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How to use a compressor when tracking stereo instruments
Old 12th May 2006
  #1
How to use a compressor when tracking stereo instruments

If you where tracking an instrument in stereo, would you link the two sides of your compressor or have them as dual mono? Or does it depend on what instrument is being recorded and where the mics are arranged?
Old 12th May 2006
  #2
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James Lehmann's Avatar
 

Seek and ye shall find...Dual Mono v Stereo Compression (From two days ago!)
Old 12th May 2006
  #3
Ah, I see. And there was me thinking I was starting an interesting topic for discussion.
Old 12th May 2006
  #4
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It depends on the instrument.

For a acoustic guitar I use always linked compression because on one side of the guitar, where the body is, will be probably more (low) energy and cause a stronger gainreduction then the side of the fingerboard. A unlinked comp. can cause unwanted movements from left to right.

For a percussion group I'd use an unliked comp. A short hard left beat say on a conga would cause also a gainreduction on the left which could cause movements from front to back when linked.

Andreas
Old 12th May 2006
  #5
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mtstudios@charter's Avatar
 

I rarely use the link. I think both sides of spectrum need to be treated individually.

www.bluethumbproductions.com
Old 12th May 2006
  #6
Yeah, that's kinda what I thought. I guess its a case of seeing what works best for each scenario. What about overheads?
Old 12th May 2006
  #7
Quote:
Originally Posted by TEMAS
If you where tracking an instrument in stereo, would you link the two sides of your compressor or have them as dual mono? Or does it depend on what instrument is being recorded and where the mics are arranged?
The latter is true.

First thought that comes to mind is a guitar with a close mic and a room mic. Since there's a time delay, you can be pretty certain that you don't want the two channels of compression interacting. Then again, maybe it makes for a cool effect.


If I were to make a sweeping generalization (which of course is wrong by definiteion) I'd say always go dual mono. You're recording with two mics because you want differences between the two signals, so keep your compression unique to each signal.


The real question is, why are you using compression at all? For peak limiting? Won't each signal need slightly different amounts? For leveling? Won't each signal need different amounts? Are you using a binaural head? Maybe you do want to link in that case.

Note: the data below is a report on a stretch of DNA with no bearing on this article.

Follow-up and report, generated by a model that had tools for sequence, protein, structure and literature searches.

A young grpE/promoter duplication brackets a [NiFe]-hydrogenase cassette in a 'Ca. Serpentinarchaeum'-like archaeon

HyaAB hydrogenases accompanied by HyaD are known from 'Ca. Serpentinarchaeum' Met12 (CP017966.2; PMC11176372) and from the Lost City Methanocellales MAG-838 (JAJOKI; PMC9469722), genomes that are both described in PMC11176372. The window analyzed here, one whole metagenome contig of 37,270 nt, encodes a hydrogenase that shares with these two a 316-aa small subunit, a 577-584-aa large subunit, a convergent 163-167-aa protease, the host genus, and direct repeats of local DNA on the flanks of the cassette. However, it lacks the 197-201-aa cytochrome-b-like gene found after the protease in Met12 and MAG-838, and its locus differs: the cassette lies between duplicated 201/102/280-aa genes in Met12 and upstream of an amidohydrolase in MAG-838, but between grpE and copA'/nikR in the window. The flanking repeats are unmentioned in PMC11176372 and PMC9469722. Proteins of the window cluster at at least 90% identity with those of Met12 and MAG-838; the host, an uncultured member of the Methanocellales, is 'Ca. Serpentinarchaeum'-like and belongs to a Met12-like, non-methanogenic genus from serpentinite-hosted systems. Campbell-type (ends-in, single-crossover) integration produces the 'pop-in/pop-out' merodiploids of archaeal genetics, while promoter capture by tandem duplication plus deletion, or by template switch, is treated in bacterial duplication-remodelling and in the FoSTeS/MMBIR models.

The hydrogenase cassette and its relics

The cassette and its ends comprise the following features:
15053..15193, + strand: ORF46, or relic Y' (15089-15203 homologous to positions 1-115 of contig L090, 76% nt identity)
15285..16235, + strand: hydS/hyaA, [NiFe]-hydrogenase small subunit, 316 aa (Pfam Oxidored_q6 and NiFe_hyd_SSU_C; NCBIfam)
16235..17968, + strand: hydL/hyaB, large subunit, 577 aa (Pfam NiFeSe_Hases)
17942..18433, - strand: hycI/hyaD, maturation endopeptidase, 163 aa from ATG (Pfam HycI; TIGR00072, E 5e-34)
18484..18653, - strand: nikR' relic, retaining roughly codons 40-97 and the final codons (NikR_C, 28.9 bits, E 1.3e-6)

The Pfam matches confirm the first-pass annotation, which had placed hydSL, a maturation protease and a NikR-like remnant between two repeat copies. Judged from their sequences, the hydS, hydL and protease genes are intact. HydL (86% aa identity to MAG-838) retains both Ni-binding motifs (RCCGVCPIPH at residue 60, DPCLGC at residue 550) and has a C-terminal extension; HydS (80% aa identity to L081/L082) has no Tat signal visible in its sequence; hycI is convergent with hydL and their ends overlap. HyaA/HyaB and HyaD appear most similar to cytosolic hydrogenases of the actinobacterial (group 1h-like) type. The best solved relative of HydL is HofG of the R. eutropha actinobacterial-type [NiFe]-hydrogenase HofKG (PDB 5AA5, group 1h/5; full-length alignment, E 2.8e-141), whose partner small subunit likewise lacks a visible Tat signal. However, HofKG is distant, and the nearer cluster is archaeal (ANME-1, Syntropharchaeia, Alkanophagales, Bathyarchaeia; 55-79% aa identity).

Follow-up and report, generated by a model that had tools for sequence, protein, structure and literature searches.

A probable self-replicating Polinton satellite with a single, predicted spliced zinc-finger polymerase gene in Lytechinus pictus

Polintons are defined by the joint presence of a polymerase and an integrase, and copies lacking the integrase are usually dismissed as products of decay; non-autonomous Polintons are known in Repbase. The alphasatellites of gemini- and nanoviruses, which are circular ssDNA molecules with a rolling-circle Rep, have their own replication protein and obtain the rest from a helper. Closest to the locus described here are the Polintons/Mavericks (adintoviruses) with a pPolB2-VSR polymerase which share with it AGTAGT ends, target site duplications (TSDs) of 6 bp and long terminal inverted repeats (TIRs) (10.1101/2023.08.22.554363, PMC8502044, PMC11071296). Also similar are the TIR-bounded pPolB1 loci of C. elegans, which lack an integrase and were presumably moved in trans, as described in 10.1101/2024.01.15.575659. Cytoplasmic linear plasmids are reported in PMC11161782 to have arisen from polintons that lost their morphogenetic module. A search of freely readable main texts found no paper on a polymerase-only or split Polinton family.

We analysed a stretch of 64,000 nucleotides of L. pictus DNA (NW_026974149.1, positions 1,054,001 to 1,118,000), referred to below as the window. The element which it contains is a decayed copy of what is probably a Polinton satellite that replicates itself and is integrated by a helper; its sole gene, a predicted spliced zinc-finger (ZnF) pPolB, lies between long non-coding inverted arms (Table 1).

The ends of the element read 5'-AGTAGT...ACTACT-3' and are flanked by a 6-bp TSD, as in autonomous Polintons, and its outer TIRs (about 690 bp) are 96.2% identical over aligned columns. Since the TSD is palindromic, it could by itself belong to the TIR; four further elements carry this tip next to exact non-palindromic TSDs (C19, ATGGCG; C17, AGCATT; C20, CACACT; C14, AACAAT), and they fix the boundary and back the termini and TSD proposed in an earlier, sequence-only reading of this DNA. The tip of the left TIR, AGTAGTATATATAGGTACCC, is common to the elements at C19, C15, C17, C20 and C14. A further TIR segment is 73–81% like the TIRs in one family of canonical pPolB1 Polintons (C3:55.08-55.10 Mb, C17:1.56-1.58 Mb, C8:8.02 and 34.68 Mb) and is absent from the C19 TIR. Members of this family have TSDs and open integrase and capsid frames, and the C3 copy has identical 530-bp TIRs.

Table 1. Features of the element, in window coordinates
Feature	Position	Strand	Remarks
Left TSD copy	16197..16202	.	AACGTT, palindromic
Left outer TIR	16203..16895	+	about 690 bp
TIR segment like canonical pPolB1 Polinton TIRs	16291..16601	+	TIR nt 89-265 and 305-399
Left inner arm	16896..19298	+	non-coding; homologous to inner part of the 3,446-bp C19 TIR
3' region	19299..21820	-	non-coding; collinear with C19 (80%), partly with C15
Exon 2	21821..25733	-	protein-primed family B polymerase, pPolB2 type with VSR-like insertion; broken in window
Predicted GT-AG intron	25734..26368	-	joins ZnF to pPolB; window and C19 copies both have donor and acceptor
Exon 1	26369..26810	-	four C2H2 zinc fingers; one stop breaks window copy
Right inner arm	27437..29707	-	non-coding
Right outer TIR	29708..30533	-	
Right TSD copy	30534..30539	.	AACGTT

Old 13th May 2006
  #8
Quote:
Originally Posted by Mike Caffrey
The real question is, why are you using compression at all? For peak limiting? Won't each signal need slightly different amounts? For leveling? Won't each signal need different amounts? Are you using a binaural head? Maybe you do want to link in that case.
Well that is a good question.

The fact is, I've owned (and since sold) several reasonable compressors in my time - TL Audio 5051 channel strip, TF Pro P2 dual channel strip, Joe Meek SC2.2, but never anything decent. I don't really dig heavy compression on the mix buss, if any at all - I like maximum dynamic range when I mix and use software to master. I can't remember the last time I even tracked with a compressor, but I'm building a new studio for which I've invested in some high end pres and think that a good compressor may compliment the signal(s) going into the DAW to (hopefully) add a little weight and save me relying on software dynamics. I'm in between the Gyratek 10, Thermionic Phoenix and RND 5043. But the more I think (or read) about it, nothing will be as versatile as the Phoenix.
Old 13th May 2006
  #9
I've only used at 5043 a couple of times, so I haven't compeltely formed my opinion, but it's certainly a good compressor. The Phoenix is great and you've have hard time getting a bad sound out of it.
Old 13th May 2006
  #10
Quote:
Originally Posted by Mike Caffrey
The Phoenix is great and you've have hard time getting a bad sound out of it.
And in the UK, its relatively quite good value. I know that sounds crazy, but in the U.S the Phoenix is the same price as the VT-7; In the Uk, the Phoenix is 2/3 of the price of VT-7.

The G10 would probably be my first choice for a 2-buss and if I could afford a second 2-buss comp then the C2 would probably be up against the SSL. For tracking, of course it would be great to choose between a pair of distressors, a pair of MC77s, an LA2a, 1176, 5043, etc, etc, but that really isn't an option for me - I have a budget for only one that will allow me a track mono and stereo instruments AND to use on the mix buss.
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